Calendar An icon of a desk calendar. Cancel An icon of a circle with a diagonal line across. Caret An icon of a block arrow pointing to the right. Email An icon of a paper envelope. Facebook An icon of the Facebook "f" mark. Google An icon of the Google "G" mark. Linked In An icon of the Linked In "in" mark. Logout An icon representing logout. Profile An icon that resembles human head and shoulders. Telephone An icon of a traditional telephone receiver. Tick An icon of a tick mark. Is Public An icon of a human eye and eyelashes. Is Not Public An icon of a human eye and eyelashes with a diagonal line through it. Pause Icon A two-lined pause icon for stopping interactions. Quote Mark A opening quote mark. Quote Mark A closing quote mark. Arrow An icon of an arrow. Folder An icon of a paper folder. Breaking An icon of an exclamation mark on a circular background. Camera An icon of a digital camera. Caret An icon of a caret arrow. Clock An icon of a clock face. Close An icon of the an X shape. Close Icon An icon used to represent where to interact to collapse or dismiss a component Comment An icon of a speech bubble. Comments An icon of a speech bubble, denoting user comments. Ellipsis An icon of 3 horizontal dots. Envelope An icon of a paper envelope. Facebook An icon of a facebook f logo. Camera An icon of a digital camera. Home An icon of a house. Instagram An icon of the Instagram logo. LinkedIn An icon of the LinkedIn logo. Magnifying Glass An icon of a magnifying glass. Search Icon A magnifying glass icon that is used to represent the function of searching. Menu An icon of 3 horizontal lines. Hamburger Menu Icon An icon used to represent a collapsed menu. Next An icon of an arrow pointing to the right. Notice An explanation mark centred inside a circle. Previous An icon of an arrow pointing to the left. Rating An icon of a star. Tag An icon of a tag. Twitter An icon of the Twitter logo. Video Camera An icon of a video camera shape. Speech Bubble Icon A icon displaying a speech bubble WhatsApp An icon of the WhatsApp logo. Information An icon of an information logo. Plus A mathematical 'plus' symbol. Duration An icon indicating Time. Success Tick An icon of a green tick. Success Tick Timeout An icon of a greyed out success tick. Loading Spinner An icon of a loading spinner.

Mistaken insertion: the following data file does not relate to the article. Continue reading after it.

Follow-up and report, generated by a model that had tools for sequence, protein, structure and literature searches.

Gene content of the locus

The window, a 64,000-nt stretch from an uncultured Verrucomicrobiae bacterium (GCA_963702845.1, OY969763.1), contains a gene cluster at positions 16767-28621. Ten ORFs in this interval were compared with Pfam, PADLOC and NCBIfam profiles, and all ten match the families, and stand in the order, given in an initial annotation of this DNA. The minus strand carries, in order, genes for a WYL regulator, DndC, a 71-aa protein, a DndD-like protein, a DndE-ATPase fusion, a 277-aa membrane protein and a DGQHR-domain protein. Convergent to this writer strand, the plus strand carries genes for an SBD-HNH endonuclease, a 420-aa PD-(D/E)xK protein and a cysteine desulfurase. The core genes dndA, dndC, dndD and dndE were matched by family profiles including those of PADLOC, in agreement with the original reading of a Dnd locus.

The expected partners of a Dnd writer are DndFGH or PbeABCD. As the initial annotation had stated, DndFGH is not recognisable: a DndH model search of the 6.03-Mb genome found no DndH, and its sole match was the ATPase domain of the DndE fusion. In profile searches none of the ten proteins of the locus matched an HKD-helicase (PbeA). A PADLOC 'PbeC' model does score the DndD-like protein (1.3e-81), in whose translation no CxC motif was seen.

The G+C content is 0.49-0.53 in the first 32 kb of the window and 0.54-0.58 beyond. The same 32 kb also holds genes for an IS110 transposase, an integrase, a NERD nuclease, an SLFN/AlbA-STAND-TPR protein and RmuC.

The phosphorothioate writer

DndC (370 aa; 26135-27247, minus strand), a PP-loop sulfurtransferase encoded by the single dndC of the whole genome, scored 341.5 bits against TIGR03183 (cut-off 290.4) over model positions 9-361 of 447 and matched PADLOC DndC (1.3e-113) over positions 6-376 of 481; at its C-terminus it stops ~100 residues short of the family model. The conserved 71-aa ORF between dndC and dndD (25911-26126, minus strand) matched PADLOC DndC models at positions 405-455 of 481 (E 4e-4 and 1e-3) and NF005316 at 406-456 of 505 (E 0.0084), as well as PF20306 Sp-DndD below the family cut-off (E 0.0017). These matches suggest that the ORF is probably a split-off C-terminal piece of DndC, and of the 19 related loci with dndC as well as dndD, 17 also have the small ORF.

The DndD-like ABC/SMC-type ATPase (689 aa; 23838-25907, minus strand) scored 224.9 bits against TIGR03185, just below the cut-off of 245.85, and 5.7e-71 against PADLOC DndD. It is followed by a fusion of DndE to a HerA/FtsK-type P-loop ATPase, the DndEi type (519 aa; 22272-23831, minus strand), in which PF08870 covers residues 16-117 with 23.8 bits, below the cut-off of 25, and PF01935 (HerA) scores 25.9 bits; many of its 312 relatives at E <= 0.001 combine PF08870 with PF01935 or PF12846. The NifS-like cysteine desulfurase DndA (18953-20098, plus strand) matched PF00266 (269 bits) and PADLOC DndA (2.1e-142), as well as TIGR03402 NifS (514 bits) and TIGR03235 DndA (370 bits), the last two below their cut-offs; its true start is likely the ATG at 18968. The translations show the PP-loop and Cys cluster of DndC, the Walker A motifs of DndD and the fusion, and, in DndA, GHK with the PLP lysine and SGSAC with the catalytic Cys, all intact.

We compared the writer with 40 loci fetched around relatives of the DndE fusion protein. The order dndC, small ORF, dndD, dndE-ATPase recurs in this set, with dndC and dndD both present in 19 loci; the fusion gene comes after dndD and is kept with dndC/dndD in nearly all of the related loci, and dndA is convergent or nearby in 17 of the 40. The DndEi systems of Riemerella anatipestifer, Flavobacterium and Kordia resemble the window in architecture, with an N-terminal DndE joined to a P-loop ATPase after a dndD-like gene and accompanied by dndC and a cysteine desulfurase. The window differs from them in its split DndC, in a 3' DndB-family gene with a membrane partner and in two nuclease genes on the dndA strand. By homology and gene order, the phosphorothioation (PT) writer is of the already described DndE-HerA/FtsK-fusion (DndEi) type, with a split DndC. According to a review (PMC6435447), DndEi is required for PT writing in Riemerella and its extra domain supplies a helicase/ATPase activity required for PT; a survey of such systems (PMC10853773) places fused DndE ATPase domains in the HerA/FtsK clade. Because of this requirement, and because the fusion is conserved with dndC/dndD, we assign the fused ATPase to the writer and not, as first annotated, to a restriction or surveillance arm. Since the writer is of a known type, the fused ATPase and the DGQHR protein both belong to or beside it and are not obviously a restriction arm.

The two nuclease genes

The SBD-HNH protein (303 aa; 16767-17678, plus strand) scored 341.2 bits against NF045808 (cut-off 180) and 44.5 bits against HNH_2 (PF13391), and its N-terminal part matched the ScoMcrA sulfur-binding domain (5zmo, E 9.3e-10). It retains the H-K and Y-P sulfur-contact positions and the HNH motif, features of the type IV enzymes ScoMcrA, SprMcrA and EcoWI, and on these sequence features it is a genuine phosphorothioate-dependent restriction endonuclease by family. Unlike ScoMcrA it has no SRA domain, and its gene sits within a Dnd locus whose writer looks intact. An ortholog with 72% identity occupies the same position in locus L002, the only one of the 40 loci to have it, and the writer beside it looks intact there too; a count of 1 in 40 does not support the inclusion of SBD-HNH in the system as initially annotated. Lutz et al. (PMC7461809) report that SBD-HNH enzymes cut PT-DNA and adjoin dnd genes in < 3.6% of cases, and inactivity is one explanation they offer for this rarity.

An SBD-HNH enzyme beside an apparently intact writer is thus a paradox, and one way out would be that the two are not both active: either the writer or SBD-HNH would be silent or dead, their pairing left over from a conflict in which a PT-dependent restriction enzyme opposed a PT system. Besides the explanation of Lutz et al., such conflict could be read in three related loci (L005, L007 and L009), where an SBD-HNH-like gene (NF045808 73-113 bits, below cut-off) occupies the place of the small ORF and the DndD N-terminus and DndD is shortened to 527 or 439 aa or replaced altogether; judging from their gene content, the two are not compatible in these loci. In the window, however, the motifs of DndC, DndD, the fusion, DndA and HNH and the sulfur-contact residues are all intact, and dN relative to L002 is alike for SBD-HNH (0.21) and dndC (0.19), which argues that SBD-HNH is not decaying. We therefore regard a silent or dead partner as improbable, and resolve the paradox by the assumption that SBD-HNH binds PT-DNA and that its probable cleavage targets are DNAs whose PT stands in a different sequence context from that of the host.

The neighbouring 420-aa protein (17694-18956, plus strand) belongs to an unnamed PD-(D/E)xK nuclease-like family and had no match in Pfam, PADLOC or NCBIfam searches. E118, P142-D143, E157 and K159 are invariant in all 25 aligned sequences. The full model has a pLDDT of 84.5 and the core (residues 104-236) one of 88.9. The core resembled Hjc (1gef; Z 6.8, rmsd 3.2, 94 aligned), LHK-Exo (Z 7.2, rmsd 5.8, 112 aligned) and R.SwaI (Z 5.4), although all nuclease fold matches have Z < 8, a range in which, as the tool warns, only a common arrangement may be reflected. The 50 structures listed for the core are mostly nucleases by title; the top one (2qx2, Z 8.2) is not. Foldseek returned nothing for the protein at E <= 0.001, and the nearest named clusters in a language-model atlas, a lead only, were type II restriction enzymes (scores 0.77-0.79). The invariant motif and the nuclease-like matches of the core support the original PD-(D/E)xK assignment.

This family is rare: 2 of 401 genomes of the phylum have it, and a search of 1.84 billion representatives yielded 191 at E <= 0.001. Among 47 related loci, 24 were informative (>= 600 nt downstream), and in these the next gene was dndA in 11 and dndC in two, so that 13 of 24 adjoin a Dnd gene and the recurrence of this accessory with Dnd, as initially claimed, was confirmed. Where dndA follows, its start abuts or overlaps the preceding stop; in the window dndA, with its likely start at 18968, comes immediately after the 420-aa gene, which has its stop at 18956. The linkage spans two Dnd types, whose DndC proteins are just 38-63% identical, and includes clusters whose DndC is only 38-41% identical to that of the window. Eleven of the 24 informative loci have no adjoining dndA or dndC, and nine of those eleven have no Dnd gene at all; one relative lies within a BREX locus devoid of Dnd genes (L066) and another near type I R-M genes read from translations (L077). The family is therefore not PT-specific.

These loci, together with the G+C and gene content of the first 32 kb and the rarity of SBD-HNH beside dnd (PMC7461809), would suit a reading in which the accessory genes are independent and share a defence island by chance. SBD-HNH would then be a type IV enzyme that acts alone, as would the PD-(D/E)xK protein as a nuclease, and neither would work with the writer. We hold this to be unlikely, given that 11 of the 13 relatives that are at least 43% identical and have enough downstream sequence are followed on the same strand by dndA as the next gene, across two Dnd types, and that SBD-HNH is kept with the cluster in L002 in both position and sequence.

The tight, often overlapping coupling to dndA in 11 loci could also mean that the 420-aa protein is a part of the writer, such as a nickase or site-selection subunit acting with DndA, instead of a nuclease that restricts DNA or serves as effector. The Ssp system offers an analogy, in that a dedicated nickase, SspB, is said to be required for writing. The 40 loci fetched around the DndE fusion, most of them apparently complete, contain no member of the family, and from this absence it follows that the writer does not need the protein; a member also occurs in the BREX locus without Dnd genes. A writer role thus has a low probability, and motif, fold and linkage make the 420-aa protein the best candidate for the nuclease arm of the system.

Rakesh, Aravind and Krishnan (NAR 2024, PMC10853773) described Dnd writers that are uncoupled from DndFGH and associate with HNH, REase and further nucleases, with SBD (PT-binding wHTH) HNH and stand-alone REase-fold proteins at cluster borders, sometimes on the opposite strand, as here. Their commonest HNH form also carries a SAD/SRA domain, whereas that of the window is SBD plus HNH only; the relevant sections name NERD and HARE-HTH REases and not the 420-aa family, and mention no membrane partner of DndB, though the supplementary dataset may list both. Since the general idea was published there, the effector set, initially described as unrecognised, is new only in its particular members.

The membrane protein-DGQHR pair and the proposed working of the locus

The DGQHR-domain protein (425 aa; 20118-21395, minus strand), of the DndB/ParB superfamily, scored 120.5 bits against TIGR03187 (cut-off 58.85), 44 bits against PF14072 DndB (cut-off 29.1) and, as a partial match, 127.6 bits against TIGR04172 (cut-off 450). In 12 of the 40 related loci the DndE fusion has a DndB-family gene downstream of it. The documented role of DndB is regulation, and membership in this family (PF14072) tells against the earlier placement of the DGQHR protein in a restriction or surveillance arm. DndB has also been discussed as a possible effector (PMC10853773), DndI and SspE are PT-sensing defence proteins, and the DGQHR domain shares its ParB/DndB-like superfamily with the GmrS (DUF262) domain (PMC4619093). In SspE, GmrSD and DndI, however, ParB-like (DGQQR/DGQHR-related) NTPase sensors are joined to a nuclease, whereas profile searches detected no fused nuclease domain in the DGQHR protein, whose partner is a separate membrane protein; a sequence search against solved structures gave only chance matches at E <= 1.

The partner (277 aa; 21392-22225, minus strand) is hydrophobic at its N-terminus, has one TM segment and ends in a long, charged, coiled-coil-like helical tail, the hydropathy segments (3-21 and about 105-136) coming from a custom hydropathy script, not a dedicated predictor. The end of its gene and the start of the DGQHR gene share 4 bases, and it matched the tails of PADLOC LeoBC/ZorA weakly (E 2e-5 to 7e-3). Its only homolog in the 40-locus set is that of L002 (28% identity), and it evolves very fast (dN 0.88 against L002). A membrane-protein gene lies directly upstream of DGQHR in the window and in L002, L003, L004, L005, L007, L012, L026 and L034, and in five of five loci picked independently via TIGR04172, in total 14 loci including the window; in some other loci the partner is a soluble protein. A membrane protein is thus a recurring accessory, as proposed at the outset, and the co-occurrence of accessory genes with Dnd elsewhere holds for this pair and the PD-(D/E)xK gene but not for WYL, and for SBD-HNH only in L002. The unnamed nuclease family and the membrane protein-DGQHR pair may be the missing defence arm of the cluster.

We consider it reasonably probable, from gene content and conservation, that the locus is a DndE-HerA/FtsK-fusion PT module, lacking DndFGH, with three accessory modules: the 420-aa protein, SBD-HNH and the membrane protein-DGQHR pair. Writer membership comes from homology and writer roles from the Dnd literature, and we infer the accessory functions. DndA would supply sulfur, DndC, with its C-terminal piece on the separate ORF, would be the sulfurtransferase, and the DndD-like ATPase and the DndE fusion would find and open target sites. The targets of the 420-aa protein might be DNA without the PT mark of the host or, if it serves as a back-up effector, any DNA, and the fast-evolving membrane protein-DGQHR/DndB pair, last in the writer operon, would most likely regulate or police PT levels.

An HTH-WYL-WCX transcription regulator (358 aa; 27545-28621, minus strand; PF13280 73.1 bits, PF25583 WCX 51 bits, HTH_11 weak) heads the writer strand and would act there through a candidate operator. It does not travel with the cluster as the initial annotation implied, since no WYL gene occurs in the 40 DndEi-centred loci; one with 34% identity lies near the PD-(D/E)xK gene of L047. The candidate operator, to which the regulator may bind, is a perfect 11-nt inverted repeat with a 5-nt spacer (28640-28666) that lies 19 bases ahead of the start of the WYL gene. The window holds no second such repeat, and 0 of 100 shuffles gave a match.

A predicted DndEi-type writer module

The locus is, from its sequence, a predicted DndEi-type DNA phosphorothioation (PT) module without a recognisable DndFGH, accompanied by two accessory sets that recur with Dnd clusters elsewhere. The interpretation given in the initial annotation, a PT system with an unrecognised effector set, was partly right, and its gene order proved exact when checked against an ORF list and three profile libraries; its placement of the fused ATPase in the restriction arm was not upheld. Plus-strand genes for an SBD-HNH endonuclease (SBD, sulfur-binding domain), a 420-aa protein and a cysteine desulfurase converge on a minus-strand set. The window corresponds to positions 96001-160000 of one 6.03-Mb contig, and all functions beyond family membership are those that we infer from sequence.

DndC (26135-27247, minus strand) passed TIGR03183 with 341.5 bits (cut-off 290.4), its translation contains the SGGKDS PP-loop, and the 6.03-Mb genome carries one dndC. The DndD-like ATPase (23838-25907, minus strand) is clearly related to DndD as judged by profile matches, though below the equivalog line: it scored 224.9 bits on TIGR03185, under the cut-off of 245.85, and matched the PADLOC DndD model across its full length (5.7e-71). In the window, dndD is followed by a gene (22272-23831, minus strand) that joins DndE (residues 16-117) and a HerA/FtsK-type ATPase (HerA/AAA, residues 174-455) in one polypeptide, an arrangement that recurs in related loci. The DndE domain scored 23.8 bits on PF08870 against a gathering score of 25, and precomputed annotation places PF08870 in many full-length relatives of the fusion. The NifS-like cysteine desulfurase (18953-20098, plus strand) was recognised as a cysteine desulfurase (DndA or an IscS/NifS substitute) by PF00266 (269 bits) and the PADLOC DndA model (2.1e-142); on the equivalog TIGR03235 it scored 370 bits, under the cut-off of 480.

£8 million river powered heating for Perth plan backed by councillors

The £8 million plan will use water heat pumps to supply power from the Tay.
The £8 million plan will use water heat pumps to supply power from the Tay.

Hundreds of homes, businesses and a school in Perth will soon be heated by an innovative project which harnesses the power of the river Tay.

Councillors unanimously backed the business case for the £8 million plan which will use water heat pumps to capture renewable energy from the river – without damaging wildlife – and create a district heating network which will supply cheap heat to buildings in North Muirton, adjacent to the Tay.

“We in Perth and Kinross have an opportunity with this scheme to lead the field,” Councillor John Kellas told a full meeting of the council.

 

The scheme, in its first stage, would supply affordable heat to four business plots, 211 houses, North Muirton Primary School and the Colonsay Centre.

Commending the scheme, Councillor Ian Miller, leader of the administration, said: “Just as importantly, the infrastructure created at the start of the project will be designed to allow it to expand.

“This would ultimately connect to the entire Perth Food and Drink Park, supplying 1700 residential properties in North Muirton/Muirton and eight council buildings including North Muirton Primary School, Perth Grammar School and North Inch Community Campus.”

Mr Miller said that social housing tenants would benefit from reduced bills, slashing £200 per year from electric heating and £100 per year from gas heating for tenants.

It will reduce carbon emission by 450 tonnes a year and could attract businesses to the food and drink park by allowing them to access cheaper heat and electricity and boost their green credentials.

Councillors Ian Campbell and Mac Roberts expressed some misgivings about “unproven” technology and the projected savings on fuel which local households would enjoy.

Councillor John Kellas told them it was important to look at this as part of a longer term strategy.

The approval included an amendment proposed by Mr Campbell that the director of the environment service be asked to bring back a further report with more detailed financial modelling of the scheme

Already a subscriber? Sign in

[[title]]

[[text]]